However, Kinoshita does not tell a one-sided story. He draws the central figure of this tale as an honorable, devoted, loving, and righteous woman. Her actions throughout the film are selfless and motivated by the long-term flourishing of her son and his family. She works tirelessly to ease her son’s bereavement. Her kindness wins over her new daughter-in-law. Her kindness to Mata keeps him alive long past when he might have starved. It might be easy to see her self-disfigurement as hubris, but even in breaking her teeth, she is looking out for the reputation of the family.
When it is time for Orin to go to the mountain, her demeanor is not one of someone being abandoned. Rather, she is going to her god. Against all the protestations of her son, she quietly insists on following the traditions of the village and her religion. For her, the trip to Narayama is not a brutal ending of her life; it is her ultimate service to the family and to the village. As the snow falls on Orin sitting among the bones of those who have gone before her, her serenity is simultaneously a rebuke to her son who would have her abandon her belief and a comfort to him as he tearfully plays his role in the ceremony. If this were a western, Christian film, I could easily see Orin as a dying matriarch refusing extraordinary medical measures while providing more comfort to her family than they to her.
When Tatshei returns to the village, Tama is there waiting for him. His mother’s loving care for him continues past her death. While the young people continue to sing the disrespectful demon teeth song, Tatshei and Tama stand together talking about what will happen when they get old. As they declare that they, too, will “go up to Narayama,” Kinoshita fades from the saturated color staging to a black and white shot of a modern train pulling into a mountain station where skiers wait. A historical marker at the station reads “Obasute: Abandonment of Old People.” Is the ending a rebuke of Orin’s sacrifice? Is the ending a way to place the practice into the past, suggesting that while that might have been the way of things long ago, we no longer treat our old people this way? Is it a quiet comment that modern life and prosperity has rendered such measures obsolete while still honoring the struggles of the past? Or, as Philip Kemp queries in his essay included in the Criterion Blu-Ray, is it that “since the name survives, with all its fatal overtones, that nothing has really changed?” We struggle to find a solid answer in the film.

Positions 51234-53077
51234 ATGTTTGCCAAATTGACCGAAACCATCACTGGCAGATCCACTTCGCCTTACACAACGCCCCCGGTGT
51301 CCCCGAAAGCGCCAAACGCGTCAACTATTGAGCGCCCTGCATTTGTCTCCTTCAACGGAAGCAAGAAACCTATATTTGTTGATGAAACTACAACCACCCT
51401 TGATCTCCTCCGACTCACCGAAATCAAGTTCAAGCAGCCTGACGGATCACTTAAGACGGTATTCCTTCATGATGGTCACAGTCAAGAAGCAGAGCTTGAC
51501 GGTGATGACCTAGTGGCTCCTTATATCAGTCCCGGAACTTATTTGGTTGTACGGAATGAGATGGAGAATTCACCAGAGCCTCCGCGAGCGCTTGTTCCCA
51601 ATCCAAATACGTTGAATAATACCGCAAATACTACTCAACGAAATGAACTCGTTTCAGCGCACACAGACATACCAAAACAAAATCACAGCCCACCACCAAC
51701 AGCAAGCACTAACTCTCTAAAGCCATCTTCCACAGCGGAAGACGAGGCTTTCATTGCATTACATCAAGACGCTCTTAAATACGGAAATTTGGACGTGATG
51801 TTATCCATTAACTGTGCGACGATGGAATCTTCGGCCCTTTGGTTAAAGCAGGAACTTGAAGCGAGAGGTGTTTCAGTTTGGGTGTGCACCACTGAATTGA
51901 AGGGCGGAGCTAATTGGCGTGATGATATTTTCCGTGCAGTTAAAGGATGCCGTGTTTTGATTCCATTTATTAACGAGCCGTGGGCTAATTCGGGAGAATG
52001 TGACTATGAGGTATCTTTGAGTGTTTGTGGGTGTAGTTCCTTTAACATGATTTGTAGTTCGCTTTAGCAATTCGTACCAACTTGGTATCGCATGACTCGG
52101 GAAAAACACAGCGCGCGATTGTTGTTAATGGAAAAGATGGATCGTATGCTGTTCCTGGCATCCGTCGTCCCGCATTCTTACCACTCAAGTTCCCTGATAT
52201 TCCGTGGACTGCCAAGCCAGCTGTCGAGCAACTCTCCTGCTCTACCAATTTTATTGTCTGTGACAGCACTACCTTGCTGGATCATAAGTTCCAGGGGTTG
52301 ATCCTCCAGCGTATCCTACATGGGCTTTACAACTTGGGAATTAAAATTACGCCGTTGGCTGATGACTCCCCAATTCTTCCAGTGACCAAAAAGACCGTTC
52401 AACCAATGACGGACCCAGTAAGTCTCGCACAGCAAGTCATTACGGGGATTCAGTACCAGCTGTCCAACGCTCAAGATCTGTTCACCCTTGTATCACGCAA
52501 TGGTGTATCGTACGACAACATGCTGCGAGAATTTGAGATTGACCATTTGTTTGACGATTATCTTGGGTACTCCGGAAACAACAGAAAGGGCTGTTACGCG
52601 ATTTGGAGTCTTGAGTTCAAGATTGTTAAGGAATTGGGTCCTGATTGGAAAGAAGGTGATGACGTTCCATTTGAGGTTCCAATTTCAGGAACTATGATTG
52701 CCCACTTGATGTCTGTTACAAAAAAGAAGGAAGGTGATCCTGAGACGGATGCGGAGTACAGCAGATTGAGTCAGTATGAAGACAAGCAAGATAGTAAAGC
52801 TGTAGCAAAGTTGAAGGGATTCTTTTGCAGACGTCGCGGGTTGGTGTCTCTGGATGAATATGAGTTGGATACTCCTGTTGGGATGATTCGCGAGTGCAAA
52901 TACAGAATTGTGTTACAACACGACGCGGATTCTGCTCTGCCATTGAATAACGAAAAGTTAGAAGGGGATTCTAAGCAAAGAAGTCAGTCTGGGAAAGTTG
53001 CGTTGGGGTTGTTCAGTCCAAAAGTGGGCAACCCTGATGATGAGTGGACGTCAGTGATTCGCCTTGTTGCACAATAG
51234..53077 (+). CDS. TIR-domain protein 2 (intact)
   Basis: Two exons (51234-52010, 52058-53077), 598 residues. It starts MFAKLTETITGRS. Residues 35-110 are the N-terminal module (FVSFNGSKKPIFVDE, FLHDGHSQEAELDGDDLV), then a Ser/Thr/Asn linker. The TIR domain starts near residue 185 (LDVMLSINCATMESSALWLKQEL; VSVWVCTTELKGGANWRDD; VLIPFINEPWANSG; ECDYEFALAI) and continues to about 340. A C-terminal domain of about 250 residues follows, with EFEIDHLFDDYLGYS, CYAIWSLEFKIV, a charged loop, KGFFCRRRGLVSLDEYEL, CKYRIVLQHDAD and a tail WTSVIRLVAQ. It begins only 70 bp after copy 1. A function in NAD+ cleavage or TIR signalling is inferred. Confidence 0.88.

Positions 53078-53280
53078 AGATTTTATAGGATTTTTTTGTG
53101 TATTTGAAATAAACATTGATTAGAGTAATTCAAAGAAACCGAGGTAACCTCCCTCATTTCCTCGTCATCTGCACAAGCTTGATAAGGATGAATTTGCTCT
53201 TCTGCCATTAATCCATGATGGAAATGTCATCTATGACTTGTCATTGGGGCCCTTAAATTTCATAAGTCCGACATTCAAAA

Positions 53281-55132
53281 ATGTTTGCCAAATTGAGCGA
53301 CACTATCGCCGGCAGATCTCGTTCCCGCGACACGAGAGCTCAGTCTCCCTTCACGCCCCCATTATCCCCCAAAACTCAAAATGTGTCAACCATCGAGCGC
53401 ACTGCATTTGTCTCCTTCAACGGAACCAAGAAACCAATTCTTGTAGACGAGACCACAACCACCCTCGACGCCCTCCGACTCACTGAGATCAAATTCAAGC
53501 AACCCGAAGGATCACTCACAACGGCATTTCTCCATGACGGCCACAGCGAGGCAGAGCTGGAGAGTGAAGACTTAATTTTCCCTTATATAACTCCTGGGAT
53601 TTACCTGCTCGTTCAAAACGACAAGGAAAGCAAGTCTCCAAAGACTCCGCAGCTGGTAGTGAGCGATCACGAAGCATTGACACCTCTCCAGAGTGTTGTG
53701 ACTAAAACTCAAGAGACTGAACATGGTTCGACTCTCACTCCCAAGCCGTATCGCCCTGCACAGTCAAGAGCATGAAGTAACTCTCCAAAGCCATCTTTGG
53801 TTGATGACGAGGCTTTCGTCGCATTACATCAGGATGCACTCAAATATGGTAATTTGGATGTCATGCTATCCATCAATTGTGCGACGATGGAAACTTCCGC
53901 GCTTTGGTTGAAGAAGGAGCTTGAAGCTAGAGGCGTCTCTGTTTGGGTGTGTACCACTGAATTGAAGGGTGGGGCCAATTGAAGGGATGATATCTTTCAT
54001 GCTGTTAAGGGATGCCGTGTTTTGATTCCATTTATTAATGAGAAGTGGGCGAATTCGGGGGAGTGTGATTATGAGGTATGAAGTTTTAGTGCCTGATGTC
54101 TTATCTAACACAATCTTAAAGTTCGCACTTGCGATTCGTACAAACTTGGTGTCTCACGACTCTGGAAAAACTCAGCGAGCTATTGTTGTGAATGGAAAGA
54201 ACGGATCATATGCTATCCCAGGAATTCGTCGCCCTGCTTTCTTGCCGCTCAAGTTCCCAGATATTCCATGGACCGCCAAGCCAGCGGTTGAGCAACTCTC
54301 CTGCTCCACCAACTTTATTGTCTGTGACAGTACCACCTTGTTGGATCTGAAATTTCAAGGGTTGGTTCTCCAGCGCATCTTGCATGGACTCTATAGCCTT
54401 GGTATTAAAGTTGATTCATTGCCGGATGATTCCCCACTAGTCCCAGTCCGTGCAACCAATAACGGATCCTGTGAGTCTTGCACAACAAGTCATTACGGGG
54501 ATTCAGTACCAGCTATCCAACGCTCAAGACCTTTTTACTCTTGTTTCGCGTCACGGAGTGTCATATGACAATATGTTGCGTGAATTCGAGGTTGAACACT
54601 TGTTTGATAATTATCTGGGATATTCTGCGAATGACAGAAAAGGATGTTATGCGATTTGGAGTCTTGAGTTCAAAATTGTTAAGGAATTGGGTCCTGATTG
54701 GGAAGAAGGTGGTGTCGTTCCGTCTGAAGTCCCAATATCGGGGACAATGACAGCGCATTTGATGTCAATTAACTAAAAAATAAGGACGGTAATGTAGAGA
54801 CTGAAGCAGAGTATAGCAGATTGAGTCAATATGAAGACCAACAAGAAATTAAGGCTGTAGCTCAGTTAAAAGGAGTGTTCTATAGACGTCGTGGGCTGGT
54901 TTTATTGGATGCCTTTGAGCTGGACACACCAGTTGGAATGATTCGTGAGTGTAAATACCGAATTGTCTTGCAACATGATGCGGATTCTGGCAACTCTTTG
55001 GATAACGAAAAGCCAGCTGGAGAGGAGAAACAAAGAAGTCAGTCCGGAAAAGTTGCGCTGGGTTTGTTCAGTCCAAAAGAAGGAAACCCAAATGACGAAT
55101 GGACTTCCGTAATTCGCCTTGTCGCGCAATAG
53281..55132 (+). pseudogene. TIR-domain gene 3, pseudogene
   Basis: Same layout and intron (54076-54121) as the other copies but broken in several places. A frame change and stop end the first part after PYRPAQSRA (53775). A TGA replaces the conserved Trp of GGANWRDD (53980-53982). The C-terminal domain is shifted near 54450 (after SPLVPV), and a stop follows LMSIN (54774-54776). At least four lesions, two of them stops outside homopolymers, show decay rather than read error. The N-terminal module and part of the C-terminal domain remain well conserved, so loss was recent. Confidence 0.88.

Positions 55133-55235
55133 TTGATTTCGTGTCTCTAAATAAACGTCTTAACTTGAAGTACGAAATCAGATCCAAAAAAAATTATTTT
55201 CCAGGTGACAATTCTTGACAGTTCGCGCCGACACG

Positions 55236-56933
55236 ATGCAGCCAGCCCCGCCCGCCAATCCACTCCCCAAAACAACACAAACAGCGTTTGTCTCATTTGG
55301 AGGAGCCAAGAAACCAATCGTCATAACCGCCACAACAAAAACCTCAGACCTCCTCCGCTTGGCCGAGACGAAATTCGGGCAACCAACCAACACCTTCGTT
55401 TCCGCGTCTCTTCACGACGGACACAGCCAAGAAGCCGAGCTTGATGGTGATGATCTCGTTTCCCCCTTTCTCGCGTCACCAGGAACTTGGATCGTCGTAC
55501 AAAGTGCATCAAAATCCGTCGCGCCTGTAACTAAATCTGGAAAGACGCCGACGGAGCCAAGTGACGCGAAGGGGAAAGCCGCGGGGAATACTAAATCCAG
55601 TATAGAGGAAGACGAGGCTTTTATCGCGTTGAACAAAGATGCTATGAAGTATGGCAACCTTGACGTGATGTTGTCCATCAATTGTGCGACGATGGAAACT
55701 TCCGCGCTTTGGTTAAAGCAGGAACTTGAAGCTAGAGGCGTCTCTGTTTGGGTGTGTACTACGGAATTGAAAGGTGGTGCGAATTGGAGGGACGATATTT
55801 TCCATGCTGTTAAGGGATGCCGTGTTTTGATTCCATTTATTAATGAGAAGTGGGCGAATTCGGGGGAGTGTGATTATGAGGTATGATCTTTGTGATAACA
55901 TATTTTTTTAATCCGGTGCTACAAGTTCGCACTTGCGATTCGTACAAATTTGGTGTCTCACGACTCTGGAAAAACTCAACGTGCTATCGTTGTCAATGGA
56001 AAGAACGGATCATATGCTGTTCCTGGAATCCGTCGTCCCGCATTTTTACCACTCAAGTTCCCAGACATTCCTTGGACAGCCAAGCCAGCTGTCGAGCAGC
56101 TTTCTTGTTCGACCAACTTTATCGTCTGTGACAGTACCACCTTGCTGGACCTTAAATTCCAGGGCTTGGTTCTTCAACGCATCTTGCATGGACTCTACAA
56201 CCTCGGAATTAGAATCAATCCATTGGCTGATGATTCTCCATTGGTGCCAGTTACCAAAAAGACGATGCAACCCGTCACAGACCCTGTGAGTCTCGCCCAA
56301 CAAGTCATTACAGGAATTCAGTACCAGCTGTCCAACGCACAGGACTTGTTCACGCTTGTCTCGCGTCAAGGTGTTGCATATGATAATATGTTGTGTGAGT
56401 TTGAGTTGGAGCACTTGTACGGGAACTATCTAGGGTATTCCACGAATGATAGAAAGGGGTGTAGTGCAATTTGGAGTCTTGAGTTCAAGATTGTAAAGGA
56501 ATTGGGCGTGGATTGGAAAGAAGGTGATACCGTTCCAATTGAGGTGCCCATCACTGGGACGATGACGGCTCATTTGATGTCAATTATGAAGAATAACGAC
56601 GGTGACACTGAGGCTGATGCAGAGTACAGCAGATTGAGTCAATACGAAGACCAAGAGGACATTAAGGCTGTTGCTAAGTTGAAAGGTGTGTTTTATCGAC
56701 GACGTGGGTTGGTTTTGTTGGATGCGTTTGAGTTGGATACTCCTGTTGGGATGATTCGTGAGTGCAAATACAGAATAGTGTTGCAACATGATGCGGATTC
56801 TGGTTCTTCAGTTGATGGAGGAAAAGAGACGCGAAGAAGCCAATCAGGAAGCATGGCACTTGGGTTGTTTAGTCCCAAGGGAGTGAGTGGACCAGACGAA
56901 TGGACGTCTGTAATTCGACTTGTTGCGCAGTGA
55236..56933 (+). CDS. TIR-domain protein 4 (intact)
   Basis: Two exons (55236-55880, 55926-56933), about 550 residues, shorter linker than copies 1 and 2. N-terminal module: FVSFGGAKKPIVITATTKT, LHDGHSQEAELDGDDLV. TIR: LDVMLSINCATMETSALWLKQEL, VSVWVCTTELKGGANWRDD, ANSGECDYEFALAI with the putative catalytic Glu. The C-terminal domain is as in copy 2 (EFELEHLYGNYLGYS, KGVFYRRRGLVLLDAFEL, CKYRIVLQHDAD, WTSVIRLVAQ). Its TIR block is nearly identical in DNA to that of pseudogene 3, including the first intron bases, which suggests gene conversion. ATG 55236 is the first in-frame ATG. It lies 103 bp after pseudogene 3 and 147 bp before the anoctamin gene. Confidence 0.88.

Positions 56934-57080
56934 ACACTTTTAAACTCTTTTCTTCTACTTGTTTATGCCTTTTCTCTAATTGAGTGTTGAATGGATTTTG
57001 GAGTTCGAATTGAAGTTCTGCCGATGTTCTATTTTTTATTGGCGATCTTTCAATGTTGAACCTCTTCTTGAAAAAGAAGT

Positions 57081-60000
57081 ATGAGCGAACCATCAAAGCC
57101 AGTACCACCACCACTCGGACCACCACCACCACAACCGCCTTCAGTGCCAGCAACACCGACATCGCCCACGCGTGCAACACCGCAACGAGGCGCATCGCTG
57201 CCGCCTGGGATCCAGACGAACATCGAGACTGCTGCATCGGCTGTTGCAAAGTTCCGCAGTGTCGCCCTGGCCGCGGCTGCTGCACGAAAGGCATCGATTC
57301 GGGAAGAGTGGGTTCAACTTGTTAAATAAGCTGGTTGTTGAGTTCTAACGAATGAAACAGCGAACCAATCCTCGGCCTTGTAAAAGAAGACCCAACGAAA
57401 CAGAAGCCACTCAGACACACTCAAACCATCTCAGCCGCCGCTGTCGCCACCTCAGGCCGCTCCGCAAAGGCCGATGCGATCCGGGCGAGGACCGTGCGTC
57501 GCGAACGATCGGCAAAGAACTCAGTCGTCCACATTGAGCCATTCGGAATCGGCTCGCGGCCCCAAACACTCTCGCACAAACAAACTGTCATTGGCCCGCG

Kinoshita’s choice to film The Ballad of Narayama as a kabuki play, with its very stagy sets, brilliantly saturated colors, and ever-present narrator, reminds me of ancient Greek dramas. I suggest to my students that perhaps the ambiguity of many Greek tragedies was an integral part of the growing democracy in Athens. Rather than telling the audiences what to the think, the plays present complicated stories that invite the audience to wrestle with important issues themselves. Kinoshita’s artifice never for a moment allows us to forget that we are watching an artfully constructed narrative. We are constantly reminded that the drama here is of individuals and a community wrestling with how best to survive when resources are low. While the individual’s sacrifice may be noble, what effect does that action have when turned into a legalistic expectation? When does piety turn into injurious? Do individual values always work when extrapolated to the larger community? How do we measure the value of a human life? These are all questions raised by The Ballad of Narayama, but the film does not decide them for you.